Monday, November 21, 2011

Where do the US presidential candidates stand on the Durban Climate Change Conference?

 

I’ll admit I haven’t been paying close attention to the GOP presidential race much at all. What’s the point really? Mainstream media has framed the alleged democratic process of electing our presidents around the candidate’s ability to win, and almost nothing on substance. Certainly, not on Climate Change.

If we were a rational people in a responsible country, the candidates would have a debate solely on Climate Change. Think of it, our planet’s atmosphere is warming up and we are rearranging the deck chairs on the Titanic, the candidates are squabbling about how to screw the American people out of more of their money and health benefits so the 1% can sit pretty.

That’s even when more and more stories are leaking out, even in mainstream media, about how Climate Change is going to affect our country. Check out California, for example:

Climate changes in California come into focus | SignOnSanDiego.com A spate of recent research offers new insight into how global warming is changing or could change California, from the mountains to the seashore, in both predictable and unusual ways. The studies show that common trees are fading from their current ranges, premium wine grape varieties are under siege, marine creatures are shifting locales, the hub of the state’s water system faces increasing risks and — surprisingly — birds in the state are getting bigger as the weather warms. (November 20, 2011) San Diego News

So, I’ll ask. What do the presidential candidates think of the next in the global attempts to curb greenhouse gas so we might have a chance of addressing Climate Change? The major developed countries have managed to squash the concerns of the developing nations for quite some time now and they probably will continue to do that at each of the Climate Change conferences. Probably, this one too: Durban climate change conference 2011 | Environment | The Guardian.

That’s too bad because the nature of Climate Change demands that massive changes in our behavior occur sooner rather than later are required. Villages, towns, counties, states, and countries doing a little bit here, changing a few light bulbs there, will not address something so incredible large as Climate Change. Only our ability to work together as a planet can make the kind of changes that will work.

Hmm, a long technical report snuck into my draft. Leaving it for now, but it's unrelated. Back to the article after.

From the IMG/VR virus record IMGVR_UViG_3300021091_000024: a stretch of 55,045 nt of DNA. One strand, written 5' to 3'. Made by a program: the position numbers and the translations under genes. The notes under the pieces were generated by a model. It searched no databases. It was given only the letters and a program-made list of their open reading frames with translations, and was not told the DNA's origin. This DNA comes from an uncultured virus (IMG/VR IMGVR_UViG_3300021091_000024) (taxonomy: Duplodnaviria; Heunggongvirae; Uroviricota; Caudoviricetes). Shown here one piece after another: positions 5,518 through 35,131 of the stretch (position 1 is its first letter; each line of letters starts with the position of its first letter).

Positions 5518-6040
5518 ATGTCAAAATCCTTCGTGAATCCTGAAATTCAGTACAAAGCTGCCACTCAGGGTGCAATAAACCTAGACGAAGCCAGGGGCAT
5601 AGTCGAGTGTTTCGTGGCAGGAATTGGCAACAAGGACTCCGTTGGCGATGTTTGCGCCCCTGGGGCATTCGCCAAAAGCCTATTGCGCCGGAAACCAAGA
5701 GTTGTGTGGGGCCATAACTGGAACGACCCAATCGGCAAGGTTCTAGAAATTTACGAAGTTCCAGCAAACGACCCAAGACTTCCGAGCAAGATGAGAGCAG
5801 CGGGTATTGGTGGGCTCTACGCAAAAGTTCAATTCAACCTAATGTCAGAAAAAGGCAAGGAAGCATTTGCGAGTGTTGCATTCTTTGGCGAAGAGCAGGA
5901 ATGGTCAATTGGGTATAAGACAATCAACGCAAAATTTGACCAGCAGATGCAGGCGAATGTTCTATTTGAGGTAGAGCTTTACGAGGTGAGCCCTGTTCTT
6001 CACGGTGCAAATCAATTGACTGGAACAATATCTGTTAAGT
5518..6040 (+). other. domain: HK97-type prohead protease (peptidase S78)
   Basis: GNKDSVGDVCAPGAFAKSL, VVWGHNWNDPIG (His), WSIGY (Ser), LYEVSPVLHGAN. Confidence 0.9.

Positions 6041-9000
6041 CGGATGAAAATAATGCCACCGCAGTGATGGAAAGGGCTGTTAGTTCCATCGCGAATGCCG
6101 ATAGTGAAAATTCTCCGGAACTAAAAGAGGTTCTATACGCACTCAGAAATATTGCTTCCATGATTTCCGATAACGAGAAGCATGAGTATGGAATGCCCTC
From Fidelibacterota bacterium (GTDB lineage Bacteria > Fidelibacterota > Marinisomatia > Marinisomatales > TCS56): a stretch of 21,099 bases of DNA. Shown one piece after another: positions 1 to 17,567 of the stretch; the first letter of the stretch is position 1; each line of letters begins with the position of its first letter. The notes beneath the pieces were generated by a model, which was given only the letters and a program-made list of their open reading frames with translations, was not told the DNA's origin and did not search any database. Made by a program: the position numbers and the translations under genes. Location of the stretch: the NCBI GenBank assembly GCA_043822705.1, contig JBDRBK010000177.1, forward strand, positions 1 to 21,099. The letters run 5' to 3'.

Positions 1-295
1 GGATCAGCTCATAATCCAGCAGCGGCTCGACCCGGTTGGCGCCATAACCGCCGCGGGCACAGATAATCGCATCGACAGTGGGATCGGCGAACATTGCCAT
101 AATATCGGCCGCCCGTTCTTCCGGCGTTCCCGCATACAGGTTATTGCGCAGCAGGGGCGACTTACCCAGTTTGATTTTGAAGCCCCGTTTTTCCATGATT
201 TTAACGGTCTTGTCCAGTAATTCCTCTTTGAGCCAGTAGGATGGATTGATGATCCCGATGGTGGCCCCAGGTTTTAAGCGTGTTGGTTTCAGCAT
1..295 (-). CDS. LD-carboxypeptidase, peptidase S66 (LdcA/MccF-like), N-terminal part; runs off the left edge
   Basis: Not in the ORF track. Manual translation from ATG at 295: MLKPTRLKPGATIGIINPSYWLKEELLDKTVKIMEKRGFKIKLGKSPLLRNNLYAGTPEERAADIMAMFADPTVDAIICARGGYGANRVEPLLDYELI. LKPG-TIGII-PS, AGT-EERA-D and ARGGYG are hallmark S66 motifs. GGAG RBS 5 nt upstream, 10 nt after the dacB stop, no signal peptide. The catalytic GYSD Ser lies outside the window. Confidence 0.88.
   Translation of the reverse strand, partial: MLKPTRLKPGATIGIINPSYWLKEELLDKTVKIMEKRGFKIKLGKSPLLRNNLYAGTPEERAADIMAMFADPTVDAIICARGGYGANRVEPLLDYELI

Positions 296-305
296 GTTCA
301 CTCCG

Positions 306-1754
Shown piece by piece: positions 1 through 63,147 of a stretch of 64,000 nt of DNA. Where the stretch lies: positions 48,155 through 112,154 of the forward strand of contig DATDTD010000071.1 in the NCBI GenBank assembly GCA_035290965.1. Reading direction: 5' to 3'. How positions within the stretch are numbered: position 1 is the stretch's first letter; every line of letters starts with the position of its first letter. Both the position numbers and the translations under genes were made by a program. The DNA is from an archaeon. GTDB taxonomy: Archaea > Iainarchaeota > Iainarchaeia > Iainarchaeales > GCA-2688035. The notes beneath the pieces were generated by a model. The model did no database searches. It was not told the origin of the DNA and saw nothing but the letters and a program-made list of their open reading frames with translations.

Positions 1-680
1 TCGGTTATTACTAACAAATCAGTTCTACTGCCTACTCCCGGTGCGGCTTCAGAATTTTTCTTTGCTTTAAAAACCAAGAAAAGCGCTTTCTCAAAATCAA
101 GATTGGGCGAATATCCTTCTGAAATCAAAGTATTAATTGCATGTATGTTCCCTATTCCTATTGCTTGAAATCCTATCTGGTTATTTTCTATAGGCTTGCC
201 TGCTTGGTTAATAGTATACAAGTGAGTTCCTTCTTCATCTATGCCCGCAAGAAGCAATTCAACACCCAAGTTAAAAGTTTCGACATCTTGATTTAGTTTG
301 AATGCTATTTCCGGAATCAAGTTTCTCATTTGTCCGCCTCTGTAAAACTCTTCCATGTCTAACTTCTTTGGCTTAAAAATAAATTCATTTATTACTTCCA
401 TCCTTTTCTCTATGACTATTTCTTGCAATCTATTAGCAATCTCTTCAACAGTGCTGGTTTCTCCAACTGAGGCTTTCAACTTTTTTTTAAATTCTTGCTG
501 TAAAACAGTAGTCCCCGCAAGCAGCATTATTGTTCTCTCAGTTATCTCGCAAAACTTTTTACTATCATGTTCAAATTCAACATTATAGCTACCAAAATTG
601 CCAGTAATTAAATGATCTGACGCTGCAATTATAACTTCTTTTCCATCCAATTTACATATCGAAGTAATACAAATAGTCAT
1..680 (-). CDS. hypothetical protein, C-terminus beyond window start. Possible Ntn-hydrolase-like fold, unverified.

Here’s what is trying to be done in Durban on Climate Change coming up:

Durban Climate Change Conference - November 2011 “The United Nations Climate Change Conference, Durban 2011, will bring together representatives of the world's governments, international organizations and civil society. The discussions will seek to advance, in a balanced fashion, the implementation of the Convention and the Kyoto Protocol, as well as the Bali Action Plan, agreed at COP 13 in 2007, and the Cancun Agreements, reached at COP 16 last December.”

But here in the US, you probably won’t hear much about the most important issue of this century and you certainly aren’t going to hear the presidential candidates grilled on it. What do they know; what will they do; how will their administration shape the existing Climate Change studies in this country and all the states in the union?

Pretty soon we’ll be like China, but not in a good way. We’ll develop some crazy technology to Band-Aid the country’s energy supply (take hydrofracking, or Fracking) and when it ruins our fresh water and continues to warm the planet, we’ll just be able to deny it because the media and the government will be one. Take China’s position on the state of the largest dam in the world. They say it went great, ripping up a few mountain valleys and flooding them and displacing thousand of folks, and none of this had any measurable affect all at all according to the government: it didn’t harm the environment. That’s just amazing!

Other’s not drinking the Kool-Aid, say differently. So, it becomes one group’s word against the others.

Yangtze River Pollution Imperils Hundreds of Millions | Society | China | Epoch Times The banks of China’s Yangtze River are crowded with chemical factories, which dump massive amounts of toxic waste water into the river, affecting hundreds of millions of people who rely on the river for drinking water. Nevertheless, a Chinese official recently stated that the Yangtze’s water quality “overall is good and can be used safely.” (November 20, 2011) Epoch Times | National, World, China, Sports, Entertainment News| united-states

If the media kept asking the presidential candidates how they were going to address Climate Change, this issue might get some focus. The next Climate Change talks are coming up in December and there’s nary a peep in the US press about this attempt to save our planet and all the folks in it.

BTW: Whatever you think about Climate Change and whether we can weather it, Climate Change is about tipping points. Tipping points are when we reach a concentration of GHG in our atmosphere when things warm up out of our ability to right it. When that happens, it’s game over. Squabbling about whether Climate Change is happening at all or whether we are even near those tipping points is a human dysfunctional thing. Adhering to the laws of physics is a warming up thing.

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